Nietzsche’s aesthetic conception of philosophy a (post-kantian) interpretation of the gay science §373

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Abstract

The article considers Nietzsche’s conception of philosophy by giving a careful interpretation of aphorism 373 of book V of The Gay Science. In this important aphorism, Nietzsche puts forward the idea that all genuine philosophical judgments are akin to a judgment about “the value of a piece of music,” and hence akin to judgments that express “what good taste demands” (GS 373). The article takes this to mean that, for Nietzsche, philosophical judgments are value-judgments, and value-judgments are aesthetic judgments (or judgments of taste). On this basis, the article then tries to take two further steps: first, to show that Nietzsche understands aesthetic judgments by the lights of Kant’s conception of taste as a “reflective taste” (CJ 8), thereby conceiving of aesthetic value-judgments as reflective judgments; second, the article argues that Nietzsche’s view of philosophical judgments as reflective value-judgments is the basis of his rejection of a positivist (or, in modern vocabulary, naturalist) conception of philosophy. Finally, the article links Nietzsche’s conception of philosophy to his conception of life as akin to music, and thus as having a polysemic, perspectival, and interrogative nature (or the “character of a question-mark”, GS 375).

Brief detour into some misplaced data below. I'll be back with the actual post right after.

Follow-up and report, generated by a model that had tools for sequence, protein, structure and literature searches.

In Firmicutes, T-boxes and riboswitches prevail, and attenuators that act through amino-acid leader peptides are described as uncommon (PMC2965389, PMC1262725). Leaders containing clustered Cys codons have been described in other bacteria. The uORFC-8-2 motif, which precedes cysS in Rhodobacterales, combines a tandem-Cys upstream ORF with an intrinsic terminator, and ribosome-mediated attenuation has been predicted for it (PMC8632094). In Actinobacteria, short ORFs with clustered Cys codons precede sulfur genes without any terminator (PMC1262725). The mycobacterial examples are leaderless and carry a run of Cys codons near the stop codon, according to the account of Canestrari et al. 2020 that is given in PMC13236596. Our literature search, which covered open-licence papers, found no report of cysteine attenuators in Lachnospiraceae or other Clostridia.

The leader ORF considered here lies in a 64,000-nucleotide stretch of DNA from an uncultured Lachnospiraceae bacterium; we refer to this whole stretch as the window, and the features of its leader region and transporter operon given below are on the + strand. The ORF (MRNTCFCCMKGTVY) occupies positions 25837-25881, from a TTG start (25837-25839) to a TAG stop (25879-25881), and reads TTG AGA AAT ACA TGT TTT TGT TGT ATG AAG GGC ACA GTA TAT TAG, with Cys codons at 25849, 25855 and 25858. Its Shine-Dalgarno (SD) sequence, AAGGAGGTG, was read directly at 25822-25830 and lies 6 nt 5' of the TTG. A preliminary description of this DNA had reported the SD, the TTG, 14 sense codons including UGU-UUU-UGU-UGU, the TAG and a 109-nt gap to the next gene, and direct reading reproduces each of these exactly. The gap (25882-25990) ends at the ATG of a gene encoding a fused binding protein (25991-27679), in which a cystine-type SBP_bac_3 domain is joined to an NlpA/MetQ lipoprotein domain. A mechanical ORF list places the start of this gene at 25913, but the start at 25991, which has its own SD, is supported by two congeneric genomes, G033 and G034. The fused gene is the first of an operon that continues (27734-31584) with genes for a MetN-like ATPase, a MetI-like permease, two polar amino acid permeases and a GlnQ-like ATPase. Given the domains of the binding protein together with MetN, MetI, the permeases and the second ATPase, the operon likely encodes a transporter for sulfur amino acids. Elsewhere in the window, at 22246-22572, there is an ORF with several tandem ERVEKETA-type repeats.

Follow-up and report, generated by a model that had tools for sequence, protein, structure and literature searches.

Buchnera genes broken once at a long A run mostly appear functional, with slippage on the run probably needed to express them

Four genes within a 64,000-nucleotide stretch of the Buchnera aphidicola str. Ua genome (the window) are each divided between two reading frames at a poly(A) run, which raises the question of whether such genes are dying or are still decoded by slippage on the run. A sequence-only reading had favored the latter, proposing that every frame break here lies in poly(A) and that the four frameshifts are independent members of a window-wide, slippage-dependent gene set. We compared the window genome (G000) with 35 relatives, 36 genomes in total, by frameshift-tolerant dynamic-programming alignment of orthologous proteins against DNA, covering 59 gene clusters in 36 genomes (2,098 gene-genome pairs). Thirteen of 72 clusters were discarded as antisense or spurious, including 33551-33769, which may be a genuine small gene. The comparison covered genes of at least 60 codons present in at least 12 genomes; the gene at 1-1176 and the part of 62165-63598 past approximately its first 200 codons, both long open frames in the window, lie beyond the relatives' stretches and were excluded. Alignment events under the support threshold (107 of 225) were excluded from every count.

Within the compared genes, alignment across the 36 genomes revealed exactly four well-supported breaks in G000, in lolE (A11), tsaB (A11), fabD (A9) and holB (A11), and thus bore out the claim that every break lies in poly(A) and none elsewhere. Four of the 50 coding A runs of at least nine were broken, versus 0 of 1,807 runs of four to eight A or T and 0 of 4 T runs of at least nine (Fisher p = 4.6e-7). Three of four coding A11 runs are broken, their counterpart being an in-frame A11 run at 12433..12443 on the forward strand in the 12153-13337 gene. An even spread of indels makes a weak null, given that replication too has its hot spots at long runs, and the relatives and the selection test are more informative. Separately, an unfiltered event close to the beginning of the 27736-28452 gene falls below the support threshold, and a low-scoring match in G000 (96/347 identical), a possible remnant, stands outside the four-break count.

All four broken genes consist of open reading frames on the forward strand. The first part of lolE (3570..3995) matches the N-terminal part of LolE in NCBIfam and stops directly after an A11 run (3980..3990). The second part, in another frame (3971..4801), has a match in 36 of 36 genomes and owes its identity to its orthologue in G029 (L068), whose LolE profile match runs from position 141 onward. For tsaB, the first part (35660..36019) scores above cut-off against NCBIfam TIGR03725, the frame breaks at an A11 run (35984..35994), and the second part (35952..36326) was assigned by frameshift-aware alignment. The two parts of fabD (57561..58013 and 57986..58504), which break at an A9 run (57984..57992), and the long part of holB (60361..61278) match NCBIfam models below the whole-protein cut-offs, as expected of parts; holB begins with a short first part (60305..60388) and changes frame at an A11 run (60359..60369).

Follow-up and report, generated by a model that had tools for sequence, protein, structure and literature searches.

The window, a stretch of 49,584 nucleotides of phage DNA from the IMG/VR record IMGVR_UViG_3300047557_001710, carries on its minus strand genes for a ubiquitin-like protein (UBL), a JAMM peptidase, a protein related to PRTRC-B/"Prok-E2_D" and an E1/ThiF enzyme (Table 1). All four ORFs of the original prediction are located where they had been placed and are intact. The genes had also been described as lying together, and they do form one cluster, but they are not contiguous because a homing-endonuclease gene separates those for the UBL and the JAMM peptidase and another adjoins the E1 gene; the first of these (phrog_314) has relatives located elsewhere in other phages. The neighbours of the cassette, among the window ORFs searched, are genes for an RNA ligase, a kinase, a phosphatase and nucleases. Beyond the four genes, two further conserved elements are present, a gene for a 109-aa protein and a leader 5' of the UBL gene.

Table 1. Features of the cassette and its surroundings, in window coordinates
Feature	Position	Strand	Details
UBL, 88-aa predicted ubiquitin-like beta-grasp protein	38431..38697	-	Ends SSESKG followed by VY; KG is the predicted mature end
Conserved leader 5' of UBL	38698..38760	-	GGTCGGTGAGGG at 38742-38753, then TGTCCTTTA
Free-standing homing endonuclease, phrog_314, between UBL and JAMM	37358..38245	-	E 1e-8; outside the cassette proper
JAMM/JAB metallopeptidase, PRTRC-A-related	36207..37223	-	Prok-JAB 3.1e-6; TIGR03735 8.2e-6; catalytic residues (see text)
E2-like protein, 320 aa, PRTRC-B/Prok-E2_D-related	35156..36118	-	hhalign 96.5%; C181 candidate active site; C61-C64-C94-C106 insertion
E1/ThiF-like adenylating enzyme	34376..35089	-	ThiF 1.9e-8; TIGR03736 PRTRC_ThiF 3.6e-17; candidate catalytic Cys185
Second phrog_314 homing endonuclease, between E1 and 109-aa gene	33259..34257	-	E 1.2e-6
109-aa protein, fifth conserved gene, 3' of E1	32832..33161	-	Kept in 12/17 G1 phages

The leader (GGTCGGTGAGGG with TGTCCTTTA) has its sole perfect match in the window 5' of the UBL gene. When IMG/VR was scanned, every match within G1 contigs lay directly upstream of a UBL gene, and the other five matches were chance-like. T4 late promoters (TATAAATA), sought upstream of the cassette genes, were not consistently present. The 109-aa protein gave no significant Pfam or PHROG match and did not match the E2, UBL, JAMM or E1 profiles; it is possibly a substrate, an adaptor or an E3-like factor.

Original languageEnglish
Title of host publicationNietzsche’s Metaphilosophy
Subtitle of host publicationThe Nature, Method, and Aims of Philosophy
EditorsPaul S. Loeb, Matthew Meyer
PublisherCambridge University Press
Pages187-206
Number of pages20
ISBN (Electronic)9781108381338
ISBN (Print)9781108422253
DOIs
Publication statusPublished - 24 Oct 2019

Keywords

  • Aesthetic judgments
  • Kant
  • Naturalism
  • Nietzsche
  • Nihilism
  • Perspectivism
  • Positivism
  • Reflective judgments
  • Taste
  • Value judgments

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